On Sunday, April 20 two of our most consistent guests, Bucky and Arianna, were married at St. Stephen’s Episcopal Church. Although I was not able to attend the momentous event, I can only imagine the little chapel was filled with much love and joy from all parties present.
I met Bucky first, back in August when my year at Operation Nightwatch had just begun, but it wasn’t until a few months later that Bucky brought Arianna to Nightwatch for the first time and introduced her as his girlfriend. From then on, they always came to Nightwatch together and were inseparable.
As I continued to get to know them as a couple I became struck by how devoted they were to each other, even when things became tough. Seeing how hard it is to keep a relationship strong in normal circumstances, I can’t imagine how hard it might be when you’re living on the streets facing those harsh conditions. The physical and emotional stress that being homeless can ignite in a person must make a relationship all the more difficult to maintain. However, Bucky and Arianna’s relationship seems quite capable of withstanding any bumps in the road.
When I saw the pictures from the event I couldn’t help but contrast the small ceremony with the much covered weddings in the media. The gaudiness and expense that these celebrity weddings showcase seems so over the top when compared with the small ceremony of Arianna and Bucky. With all the typical wedding charades stripped away from the event, one was certainly able to see more clearly the love and devotion these two people had for each other. I count myself lucky to have seen this lovely couple come so far with each other and wish nothing but the best for their future together.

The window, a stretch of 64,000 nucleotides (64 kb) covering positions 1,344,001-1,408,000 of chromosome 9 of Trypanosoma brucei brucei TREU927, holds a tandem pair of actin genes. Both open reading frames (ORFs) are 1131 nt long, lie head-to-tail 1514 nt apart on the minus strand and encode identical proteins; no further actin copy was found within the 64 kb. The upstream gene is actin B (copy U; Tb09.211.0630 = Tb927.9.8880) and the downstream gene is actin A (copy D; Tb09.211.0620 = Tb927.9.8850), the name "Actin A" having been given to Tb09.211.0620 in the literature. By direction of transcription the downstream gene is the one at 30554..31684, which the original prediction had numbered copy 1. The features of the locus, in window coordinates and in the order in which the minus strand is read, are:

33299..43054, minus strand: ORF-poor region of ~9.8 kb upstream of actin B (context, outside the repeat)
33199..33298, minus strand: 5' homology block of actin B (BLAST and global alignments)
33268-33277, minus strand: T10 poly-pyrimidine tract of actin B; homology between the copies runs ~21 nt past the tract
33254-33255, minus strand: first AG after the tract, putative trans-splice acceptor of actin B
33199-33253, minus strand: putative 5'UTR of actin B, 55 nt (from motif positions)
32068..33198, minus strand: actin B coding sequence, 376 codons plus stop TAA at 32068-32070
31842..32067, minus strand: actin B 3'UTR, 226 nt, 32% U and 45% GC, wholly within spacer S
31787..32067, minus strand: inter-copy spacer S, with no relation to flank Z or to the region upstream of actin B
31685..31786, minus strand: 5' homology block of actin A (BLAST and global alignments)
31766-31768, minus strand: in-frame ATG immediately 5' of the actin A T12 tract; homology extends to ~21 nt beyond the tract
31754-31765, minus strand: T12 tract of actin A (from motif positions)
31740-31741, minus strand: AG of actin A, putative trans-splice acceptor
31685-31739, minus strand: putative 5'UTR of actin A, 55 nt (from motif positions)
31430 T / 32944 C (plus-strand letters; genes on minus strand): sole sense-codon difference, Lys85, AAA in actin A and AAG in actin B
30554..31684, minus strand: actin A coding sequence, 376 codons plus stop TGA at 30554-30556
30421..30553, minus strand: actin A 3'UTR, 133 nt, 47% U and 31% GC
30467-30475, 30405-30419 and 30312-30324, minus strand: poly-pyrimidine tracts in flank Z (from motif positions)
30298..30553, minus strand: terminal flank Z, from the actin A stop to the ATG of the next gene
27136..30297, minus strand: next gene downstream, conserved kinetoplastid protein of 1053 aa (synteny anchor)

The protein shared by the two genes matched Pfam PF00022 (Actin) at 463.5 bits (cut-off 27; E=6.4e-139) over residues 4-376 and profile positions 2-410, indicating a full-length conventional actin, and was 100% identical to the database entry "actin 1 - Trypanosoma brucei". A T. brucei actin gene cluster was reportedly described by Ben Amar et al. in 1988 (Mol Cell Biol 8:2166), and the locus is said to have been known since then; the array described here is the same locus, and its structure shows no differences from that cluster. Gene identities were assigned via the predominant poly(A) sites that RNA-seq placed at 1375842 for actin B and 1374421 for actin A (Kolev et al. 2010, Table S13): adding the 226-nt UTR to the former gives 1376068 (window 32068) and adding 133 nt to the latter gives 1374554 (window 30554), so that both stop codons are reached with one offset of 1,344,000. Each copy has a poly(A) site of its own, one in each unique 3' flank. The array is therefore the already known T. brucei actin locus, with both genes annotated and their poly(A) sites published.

IN HONOR AND MEMORY
The following have contributed to Nightwatch in memory or honor of family and friends:
CHAPLAIN’S NOTES: “Stranger At The Door”
The stranger who sojourns with you shall be to you as the citizen among you…
As I drove to St. Stephens to set up for Operation Nightwatch Easter worship, four teenagers at the corner of SW 13th and Main wished me “Happy Easter.” When I arrived, another “stranger” greeted me at the door. I hadn’t seen him in at least three years. Nothing clicked until he told me his name. But he certainly remembered me, even my name. He was looking forward to worship again, and we had a blessed faith chat out on the sidewalk.
No “strangers” greeted me or called my by name out here in Gresham where I live. No one I did not already know well wished me Happy Easter. Strangers downtown did. Turns out, I was the stranger, not they. If we said Operation Nightwatch gets some of its inspiration from the Book of Leviticus, folks might raise an eyebrow or two. Leviticus?
Yes, that book. Jesus knew his Scripture well. He surely had Leviticus and Amos in mind when he spoke about “the least of these” at Matthew 25:40. What a blessing to recognize people, to greet them by name. Likewise, what a blessing to be recognized and greeted—by name! What a blessing to move from stranger to citizen in God’s eyes, and in each other’s—strangers no more. Happy Easter, citizens!
BACKPACK BEDS MAKING A DIFFERENCE
Since the beginning of this year, Nightwatch has distributed over 150 Backpack Beds to homeless folks throughout the Portland metropolitan area. And in doing so, we’ve been noticed—not only by the media (KBOO did a story) but by folks on the streets themselves. Those who have seen others with Backpack Beds see their utility in protecting them from the elements as they sleep outside, and have clamoring to us to get one themselves.
The Backpack Bed is a unique combination bedroll/personal shelter, and Operation Nightwatch is its only distributor on the West Coast of North America. Though they are not inexpensive (about $100 apiece), because they replace blankets that often have to be given out again-and-again as they wear out, they end up being more economical and practical in the long run.
Our ability to distribute so many Backpack Beds is due to a number of generous folks who gave to our several targeted fundraising campaigns, including a successful crowdfunding campaign that raised more than $1000 over our goal of $5000.